Thursday, July 10, 2014

The Selfish Giant


2013, UK, directed by Clio Bernard


Something of an object lesson in how to film an impoverished community without being either sentimental or patronizing -- with the very obvious precursor being Ken Loach's near-peerless Kes over forty years ago, and not just because the two films happen to feature young protagonists. Bernard clearly knows her milieu, never flinching from depicting the details of tough lives on the margins but also avoiding wallowing in the struggles she depicts. Her two central characters are troubled and yet also rounded, resourceful lads buffeted for the most part by adults who are generally at their wits' end psychologically or financially (often both). The young boys seek validation where they can, and there are moments of great tenderness here and there despite the rough backdrop in which they live -- and honour from unexpected sources. While Bernard's storytelling is resolutely realist in tone she's also adept at finding visual beauty in unpromising settings, and when she very briefly departs from the realist mode late in the film, in a wonderfully judged sequence that parallels the opening of the film, the moment has a rare punch.


Tuesday, July 08, 2014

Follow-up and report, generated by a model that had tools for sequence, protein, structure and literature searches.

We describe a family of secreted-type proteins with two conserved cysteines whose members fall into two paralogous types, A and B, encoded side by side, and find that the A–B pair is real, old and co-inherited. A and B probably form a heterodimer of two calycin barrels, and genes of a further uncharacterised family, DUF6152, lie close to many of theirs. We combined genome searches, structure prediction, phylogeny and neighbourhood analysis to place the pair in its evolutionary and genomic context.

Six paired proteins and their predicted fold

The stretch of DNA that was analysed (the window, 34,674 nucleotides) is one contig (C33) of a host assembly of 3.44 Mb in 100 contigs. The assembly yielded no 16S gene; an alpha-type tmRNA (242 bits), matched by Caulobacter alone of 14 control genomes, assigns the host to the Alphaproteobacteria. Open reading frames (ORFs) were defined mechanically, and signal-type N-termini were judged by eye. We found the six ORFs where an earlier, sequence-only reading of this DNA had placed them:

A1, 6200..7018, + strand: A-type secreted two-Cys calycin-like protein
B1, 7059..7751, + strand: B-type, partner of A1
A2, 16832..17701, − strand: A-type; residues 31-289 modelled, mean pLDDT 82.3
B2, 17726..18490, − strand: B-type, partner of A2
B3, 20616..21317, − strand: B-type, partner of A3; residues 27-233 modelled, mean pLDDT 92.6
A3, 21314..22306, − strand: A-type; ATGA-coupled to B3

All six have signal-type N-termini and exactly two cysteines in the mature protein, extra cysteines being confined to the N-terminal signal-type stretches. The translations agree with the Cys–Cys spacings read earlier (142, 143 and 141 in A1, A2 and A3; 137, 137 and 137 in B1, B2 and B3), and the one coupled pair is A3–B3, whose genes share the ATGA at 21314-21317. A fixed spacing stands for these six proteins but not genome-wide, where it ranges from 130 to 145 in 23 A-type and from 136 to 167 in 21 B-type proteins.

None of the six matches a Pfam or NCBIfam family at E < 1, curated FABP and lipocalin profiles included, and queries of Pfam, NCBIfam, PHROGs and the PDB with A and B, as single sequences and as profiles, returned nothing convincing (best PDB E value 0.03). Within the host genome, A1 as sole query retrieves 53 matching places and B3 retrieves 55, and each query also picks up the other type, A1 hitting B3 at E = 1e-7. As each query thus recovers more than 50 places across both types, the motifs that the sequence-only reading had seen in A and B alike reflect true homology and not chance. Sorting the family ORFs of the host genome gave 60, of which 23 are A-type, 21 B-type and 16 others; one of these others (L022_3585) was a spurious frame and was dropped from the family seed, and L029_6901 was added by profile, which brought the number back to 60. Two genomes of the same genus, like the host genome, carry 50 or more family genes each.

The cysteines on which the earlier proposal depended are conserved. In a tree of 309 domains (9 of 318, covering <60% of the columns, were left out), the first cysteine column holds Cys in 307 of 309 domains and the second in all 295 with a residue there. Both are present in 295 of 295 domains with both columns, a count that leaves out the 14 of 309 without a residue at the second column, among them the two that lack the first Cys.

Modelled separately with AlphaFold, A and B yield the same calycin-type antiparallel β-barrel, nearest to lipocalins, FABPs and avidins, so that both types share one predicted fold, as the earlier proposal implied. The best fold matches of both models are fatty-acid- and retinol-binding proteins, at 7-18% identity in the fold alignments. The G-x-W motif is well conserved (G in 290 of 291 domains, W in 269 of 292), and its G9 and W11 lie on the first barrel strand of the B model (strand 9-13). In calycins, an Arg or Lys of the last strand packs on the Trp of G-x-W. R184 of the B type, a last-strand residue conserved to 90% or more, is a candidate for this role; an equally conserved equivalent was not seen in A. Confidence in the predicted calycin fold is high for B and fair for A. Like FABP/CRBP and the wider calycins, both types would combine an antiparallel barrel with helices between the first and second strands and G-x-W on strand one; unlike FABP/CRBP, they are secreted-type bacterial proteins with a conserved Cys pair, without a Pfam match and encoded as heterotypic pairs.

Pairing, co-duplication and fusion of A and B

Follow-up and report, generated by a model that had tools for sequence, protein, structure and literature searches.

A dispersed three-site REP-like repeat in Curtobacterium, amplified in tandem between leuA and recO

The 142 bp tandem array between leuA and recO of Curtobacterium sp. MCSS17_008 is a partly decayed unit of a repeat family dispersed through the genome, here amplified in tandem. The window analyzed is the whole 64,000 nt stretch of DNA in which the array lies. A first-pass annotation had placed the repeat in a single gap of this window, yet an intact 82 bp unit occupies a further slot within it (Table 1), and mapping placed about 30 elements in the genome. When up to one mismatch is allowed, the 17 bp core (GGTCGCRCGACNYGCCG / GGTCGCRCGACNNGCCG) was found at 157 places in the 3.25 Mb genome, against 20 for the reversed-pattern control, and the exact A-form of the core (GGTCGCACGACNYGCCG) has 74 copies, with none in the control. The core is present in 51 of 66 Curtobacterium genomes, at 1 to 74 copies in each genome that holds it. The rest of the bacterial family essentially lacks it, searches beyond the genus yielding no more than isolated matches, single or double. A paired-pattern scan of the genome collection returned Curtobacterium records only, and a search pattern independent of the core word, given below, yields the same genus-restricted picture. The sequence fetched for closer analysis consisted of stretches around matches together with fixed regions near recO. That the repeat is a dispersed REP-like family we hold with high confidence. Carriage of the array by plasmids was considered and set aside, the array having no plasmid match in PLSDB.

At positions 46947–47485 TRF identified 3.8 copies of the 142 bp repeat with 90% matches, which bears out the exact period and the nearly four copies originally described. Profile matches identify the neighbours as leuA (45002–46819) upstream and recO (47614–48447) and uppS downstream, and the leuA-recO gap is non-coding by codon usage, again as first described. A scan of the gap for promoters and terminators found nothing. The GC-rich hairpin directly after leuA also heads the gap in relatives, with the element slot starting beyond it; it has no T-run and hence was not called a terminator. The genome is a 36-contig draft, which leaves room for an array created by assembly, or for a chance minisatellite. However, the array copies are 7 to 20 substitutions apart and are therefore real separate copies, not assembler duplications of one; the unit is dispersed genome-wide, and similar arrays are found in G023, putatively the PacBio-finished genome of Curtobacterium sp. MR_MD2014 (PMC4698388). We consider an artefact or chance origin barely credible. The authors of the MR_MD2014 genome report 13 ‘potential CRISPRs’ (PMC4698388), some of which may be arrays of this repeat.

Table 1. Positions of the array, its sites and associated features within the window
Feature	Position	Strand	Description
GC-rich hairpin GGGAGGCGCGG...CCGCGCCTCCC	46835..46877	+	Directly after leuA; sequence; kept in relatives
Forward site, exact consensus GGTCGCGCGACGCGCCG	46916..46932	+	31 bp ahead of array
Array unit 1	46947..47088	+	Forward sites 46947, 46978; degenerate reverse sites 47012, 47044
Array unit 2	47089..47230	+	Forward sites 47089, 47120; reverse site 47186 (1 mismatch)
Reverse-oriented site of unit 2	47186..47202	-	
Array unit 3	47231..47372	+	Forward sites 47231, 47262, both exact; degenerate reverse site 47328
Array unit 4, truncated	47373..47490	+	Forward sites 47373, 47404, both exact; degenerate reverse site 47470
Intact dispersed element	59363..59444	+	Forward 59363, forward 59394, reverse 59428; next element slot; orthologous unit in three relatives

Quai d'Orsay


2013, France, directed by Bertrand Tavernier

I've been fond of Bertrand Tavernier for years: he's a remarkably adaptable director, moving across genres quite effectively, with a very crisp, straightforward style and while some of his films don't quite succeed -- L'Appât, in particular, seemed just a touch too generically anodyne -- there's always a great of interest in his filming choices. Indeed, his interviews about the making of Quai d'Orsay are fascinating in their own right, because the film was based on a graphic novel yet Tavernier abandoned many of the elements of the source material, particularly the lead character's sci-fi fantasia. That seems, to me, very much to the film's benefit, for there's at least as much scope for absurdity and oddity in the reality of one young man's experiences as a consultant in France's Ministry of Foreign Affairs. Tavernier's other great bit of wisdom is to grant full rein to Thierry Lhermitte, who has perhaps never been better than here. He's in scintillating form as the minister himself, delivering a wonderful whirlwind of a performance (sometimes literally, given his propensity to sweep through his office); the only downside is that it makes you wish he'd given as much of himself to many of his earlier roles (or that the raw material was rather better).

Sunday, July 06, 2014

Pain & Gain


2013, US, directed by Michael Bay